Is Authenticity and Transparency in Your Managed Service Provider Important?


November 12, 2015


Are the traits of authenticity and transparency in people important to you? If so, then it’s probably important that your managed service provider (MSP) is authentic and transparent as well.

Does it also matter to you that your coworkers have these two qualities? Are authenticity and transparency a component of any of your core values? If you answered yes to either or both, then it’s very important that you look for these qualities when you’re searching for a new MSP.

The best managed service providers become more like employees than just another vendor. So it makes sense to take just as much care in screening for the right MSP as you do for the right employees.

Keys to the Kingdom

Whether they are your employees or the employees of your MSP, the people who manage your IT have the keys to your kingdom. It’s quite a lot of power and an awesome responsibility.

MSPs exist for some of the same reasons that other professional service firms do. Businesses outsource tax work and other complex accounting to CPA firms primarily because it’s so complicated to do for their own company. Law firms abound for the same reasons, and so do IT service providers. Business technology is exceedingly complex and can be extremely difficult – and quite risky – to do yourself. Even large enterprises face great challenges every day dealing with the complexities of choosing, deploying, and managing their technologies.

Sadly, we’ve helped more than a few companies that have been held hostage by their IT department. Most often it’s a single employee running their IT department. Very rarely it’s been another MSP, although last week I told a true IT Horror Story about such a situation.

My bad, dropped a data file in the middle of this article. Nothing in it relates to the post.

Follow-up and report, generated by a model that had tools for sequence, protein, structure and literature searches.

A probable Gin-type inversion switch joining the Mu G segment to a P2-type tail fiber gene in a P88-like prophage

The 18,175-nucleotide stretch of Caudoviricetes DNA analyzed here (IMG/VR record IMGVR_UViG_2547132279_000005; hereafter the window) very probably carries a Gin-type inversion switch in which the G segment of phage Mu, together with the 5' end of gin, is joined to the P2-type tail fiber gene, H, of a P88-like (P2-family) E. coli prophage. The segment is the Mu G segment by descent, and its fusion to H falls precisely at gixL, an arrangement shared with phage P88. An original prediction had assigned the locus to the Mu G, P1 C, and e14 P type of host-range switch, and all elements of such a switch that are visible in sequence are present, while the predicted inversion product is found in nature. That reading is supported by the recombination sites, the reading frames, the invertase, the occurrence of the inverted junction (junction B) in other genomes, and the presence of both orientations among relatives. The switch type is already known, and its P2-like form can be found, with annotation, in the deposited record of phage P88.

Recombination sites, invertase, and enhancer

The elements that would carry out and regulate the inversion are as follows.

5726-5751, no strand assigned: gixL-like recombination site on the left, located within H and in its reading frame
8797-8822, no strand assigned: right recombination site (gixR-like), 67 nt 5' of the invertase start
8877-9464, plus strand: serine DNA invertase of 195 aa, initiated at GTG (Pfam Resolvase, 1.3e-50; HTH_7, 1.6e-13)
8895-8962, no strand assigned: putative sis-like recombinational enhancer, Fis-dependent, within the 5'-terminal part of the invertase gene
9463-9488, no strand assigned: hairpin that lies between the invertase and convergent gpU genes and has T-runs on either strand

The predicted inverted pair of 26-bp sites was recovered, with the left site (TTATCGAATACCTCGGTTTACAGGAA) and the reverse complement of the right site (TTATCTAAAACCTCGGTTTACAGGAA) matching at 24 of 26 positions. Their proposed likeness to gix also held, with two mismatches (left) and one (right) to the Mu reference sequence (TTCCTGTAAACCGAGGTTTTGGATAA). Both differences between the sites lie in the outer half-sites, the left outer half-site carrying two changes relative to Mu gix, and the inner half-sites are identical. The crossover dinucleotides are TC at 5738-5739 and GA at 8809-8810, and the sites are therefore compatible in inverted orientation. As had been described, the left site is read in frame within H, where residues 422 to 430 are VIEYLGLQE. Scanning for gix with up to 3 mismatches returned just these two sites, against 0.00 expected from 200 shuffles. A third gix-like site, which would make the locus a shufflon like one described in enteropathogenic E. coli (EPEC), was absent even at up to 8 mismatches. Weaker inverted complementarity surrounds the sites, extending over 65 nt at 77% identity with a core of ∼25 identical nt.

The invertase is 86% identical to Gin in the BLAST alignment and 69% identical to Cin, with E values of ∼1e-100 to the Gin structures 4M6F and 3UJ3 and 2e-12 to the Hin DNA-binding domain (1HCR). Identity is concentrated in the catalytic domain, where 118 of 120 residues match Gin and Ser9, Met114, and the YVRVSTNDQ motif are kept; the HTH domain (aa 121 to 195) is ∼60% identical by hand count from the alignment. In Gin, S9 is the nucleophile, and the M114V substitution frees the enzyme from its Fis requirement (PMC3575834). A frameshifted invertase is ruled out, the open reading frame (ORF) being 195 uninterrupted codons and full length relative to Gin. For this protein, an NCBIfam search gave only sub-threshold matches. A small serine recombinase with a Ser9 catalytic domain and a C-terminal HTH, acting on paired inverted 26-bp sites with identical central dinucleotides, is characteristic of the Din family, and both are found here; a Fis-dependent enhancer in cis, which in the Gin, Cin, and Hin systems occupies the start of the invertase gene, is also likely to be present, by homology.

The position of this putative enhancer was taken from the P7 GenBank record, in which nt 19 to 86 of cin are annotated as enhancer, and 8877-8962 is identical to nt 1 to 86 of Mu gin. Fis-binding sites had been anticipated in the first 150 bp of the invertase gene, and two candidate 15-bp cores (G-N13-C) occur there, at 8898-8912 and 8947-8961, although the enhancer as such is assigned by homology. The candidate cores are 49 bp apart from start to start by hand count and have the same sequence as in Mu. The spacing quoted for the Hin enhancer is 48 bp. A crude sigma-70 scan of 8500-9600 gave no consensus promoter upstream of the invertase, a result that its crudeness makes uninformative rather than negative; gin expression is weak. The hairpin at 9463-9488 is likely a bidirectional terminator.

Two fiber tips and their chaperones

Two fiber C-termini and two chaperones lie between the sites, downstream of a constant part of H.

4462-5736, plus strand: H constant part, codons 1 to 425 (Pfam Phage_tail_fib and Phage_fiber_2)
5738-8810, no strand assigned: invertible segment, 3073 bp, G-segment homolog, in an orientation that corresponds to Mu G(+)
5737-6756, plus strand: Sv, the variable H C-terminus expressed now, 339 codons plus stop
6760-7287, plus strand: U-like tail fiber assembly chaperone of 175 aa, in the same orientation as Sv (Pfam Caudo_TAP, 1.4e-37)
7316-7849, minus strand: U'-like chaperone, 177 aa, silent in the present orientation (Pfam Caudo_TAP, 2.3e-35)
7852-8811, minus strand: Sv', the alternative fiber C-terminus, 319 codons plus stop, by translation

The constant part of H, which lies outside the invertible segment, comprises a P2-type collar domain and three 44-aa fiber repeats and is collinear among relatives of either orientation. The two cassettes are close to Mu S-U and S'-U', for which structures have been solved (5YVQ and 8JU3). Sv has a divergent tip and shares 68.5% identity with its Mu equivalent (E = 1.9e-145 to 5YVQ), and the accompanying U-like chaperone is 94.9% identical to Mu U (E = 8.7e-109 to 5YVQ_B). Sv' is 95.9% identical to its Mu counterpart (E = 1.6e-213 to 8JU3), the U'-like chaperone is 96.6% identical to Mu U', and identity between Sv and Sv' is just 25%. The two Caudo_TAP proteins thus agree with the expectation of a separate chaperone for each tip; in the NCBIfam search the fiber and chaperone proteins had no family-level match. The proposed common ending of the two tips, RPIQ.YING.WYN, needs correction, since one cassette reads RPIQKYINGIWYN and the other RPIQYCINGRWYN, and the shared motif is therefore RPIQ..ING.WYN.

Business owners become frightened when they realize that the person who knows so much – about that which they know so little – may not be the trustworthy person they thought they’d hired. Here’s a small sampling of some of the things I’ve heard over the years:

“I keep asking Bob for an inventory of all our IT stuff but I never get a true accounting. Here’s some online report of some of our computers – that’s all I’ve got. I have no idea what we really have.

I asked Bob for a list of all our passwords and he got angry. He gave me the list, but he can just change passwords any time, right?

I’m afraid that if we fire Bob he’ll do something bad to us.”

Comfortable relationships

All of us who own or have owned businesses know how uncomfortable a bad employee relationship can be. In my experience it’s people that are the number one cause of sleepless nights amongst business owners, far more than money issues.

As leaders we all have differing opinions on the most important qualities of leadership. At or near the top of my list are authenticity and transparency – although these are things I value in any relationship.

It’s hard to build or maintain trust when someone won’t open up to you, or if you find yourself wondering if they’re really the person they portray themselves to be.